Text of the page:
Many investors, especially more risk-averse ones, hold much of their portfolios in “income investments” — those that pay interest or dividends, with less emphasis on growth in value. But all income investments aren’t alike when it comes to taxes. So it’s important to be aware of the different tax treatments when managing your income investments.
Varying tax treatment
The tax treatment of investment income varies partly based on whether the income is in the form of dividends or interest. Qualified dividends are taxed at your favorable long-term capital gains tax rate (currently 0%, 15% or 20%, depending on your tax bracket) rather than at your ordinary-income tax rate (which might be as high as 39.6%). Interest income generally is taxed at ordinary-income rates. So stocks that pay dividends might be more attractive tax-wise than interest-paying income investments, such as CDs and bonds.
But there are exceptions. For example, some dividends aren’t qualified and therefore are subject to ordinary-income rates, such as certain dividends from:
- Real estate investment trusts (REITs),
- Regulated investment companies (RICs),
- Money market mutual funds, and
- Certain foreign investments.
Also, the tax treatment of bond interest varies. For example:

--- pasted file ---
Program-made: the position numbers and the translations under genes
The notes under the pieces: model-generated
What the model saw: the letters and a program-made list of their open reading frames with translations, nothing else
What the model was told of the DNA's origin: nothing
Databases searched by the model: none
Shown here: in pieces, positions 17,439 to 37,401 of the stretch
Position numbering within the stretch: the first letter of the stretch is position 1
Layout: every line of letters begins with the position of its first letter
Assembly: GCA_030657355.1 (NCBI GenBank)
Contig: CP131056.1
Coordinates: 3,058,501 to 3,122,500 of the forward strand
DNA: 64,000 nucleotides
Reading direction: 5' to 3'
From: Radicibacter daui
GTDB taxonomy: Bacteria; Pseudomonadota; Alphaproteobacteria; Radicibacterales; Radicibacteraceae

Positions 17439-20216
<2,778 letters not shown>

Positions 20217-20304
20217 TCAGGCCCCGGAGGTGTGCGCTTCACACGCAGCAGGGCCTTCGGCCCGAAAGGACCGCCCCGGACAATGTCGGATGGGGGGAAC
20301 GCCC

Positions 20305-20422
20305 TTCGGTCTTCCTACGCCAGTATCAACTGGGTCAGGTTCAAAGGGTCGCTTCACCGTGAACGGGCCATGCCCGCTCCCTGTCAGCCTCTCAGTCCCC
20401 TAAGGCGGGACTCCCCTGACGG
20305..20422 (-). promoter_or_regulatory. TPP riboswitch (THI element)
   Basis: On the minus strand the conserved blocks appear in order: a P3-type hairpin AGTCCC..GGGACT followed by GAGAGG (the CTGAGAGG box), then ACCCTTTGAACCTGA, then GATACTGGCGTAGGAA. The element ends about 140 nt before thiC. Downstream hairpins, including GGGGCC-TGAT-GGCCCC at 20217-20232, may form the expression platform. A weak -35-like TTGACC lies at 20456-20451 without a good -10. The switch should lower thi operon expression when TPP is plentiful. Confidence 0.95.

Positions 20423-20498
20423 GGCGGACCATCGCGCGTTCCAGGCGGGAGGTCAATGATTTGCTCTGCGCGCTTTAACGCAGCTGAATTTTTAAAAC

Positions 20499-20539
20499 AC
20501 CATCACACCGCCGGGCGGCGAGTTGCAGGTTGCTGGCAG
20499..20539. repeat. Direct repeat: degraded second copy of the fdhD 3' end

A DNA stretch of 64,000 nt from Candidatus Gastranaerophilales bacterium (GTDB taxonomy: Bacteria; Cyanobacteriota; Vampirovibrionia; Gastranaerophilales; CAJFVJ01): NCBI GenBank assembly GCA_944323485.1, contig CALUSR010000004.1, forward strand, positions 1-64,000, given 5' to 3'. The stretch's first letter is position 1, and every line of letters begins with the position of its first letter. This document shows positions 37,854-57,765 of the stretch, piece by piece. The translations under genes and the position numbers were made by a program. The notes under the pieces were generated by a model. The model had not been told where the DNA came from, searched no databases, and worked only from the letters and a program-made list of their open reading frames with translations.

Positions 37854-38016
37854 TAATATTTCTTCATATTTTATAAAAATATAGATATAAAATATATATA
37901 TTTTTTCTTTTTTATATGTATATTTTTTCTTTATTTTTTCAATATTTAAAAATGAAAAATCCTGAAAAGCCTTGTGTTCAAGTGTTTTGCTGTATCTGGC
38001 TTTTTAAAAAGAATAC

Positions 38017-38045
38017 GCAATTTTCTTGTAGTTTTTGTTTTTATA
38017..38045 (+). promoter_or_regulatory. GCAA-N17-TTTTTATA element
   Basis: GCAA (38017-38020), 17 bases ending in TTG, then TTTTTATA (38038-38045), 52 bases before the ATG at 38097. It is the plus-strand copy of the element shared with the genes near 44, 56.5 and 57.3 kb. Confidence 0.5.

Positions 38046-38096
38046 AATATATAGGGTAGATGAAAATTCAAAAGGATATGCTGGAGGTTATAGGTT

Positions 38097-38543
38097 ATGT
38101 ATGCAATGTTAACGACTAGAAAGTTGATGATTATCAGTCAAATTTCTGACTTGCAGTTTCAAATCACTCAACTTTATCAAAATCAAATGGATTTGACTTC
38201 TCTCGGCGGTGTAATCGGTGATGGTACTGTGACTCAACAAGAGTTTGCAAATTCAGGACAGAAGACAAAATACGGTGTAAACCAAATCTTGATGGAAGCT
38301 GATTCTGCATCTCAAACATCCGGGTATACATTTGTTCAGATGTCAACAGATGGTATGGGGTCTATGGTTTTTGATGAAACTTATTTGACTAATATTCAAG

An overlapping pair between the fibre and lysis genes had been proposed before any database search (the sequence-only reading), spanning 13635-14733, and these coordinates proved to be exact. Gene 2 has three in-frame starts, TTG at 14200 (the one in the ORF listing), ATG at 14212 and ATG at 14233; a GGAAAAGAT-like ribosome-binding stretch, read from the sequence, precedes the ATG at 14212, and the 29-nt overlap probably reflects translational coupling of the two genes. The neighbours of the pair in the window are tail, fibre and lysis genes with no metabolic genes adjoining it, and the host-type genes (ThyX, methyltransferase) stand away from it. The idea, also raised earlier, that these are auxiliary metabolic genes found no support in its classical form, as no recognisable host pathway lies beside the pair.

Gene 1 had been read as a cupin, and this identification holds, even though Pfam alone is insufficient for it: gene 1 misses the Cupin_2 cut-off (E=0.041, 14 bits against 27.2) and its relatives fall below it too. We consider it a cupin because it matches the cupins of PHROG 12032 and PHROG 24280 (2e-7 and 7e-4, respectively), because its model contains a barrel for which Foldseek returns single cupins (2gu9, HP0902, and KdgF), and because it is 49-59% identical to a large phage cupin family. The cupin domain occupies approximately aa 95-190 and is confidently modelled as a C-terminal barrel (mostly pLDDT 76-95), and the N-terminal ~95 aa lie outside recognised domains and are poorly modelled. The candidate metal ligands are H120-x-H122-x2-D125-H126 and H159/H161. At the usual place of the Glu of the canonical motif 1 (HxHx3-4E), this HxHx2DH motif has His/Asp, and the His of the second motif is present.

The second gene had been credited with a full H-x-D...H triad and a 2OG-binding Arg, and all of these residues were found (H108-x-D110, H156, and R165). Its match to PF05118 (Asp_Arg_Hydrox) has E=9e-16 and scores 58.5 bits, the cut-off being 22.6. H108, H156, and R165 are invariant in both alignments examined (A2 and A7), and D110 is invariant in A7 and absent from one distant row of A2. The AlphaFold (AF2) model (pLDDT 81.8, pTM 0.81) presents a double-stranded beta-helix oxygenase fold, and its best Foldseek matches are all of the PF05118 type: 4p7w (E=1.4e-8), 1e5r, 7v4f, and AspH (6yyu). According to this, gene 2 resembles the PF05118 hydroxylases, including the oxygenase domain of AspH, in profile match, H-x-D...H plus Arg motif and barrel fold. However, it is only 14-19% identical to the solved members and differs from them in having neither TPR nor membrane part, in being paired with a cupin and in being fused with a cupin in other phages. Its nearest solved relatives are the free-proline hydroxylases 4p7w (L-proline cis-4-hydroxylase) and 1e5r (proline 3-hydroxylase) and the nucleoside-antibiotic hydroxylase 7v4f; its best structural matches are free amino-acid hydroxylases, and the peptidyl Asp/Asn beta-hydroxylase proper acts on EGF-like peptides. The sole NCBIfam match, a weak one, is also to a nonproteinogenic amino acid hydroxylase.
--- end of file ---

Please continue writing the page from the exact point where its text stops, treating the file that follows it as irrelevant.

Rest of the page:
- Interest on U.S. government bonds is taxable on federal returns but exempt on state and local returns.
- Interest on state and local government bonds is excludable on federal returns. If the bonds were issued in your home state, interest also might be excludable on your state return.
- Corporate bond interest is fully taxable for federal and state purposes.
One of many factors
Keep in mind that tax reform legislation could affect the tax considerations for income investments. For example, if your ordinary rate goes down under tax reform, there could be less of a difference between the tax rate you’d pay on qualified vs. nonqualified dividends.
While tax treatment shouldn’t drive investment decisions, it’s one factor to consider — especially when it comes to income investments. For help factoring taxes into your investment strategy, contact us.©2018 Thomson Reuters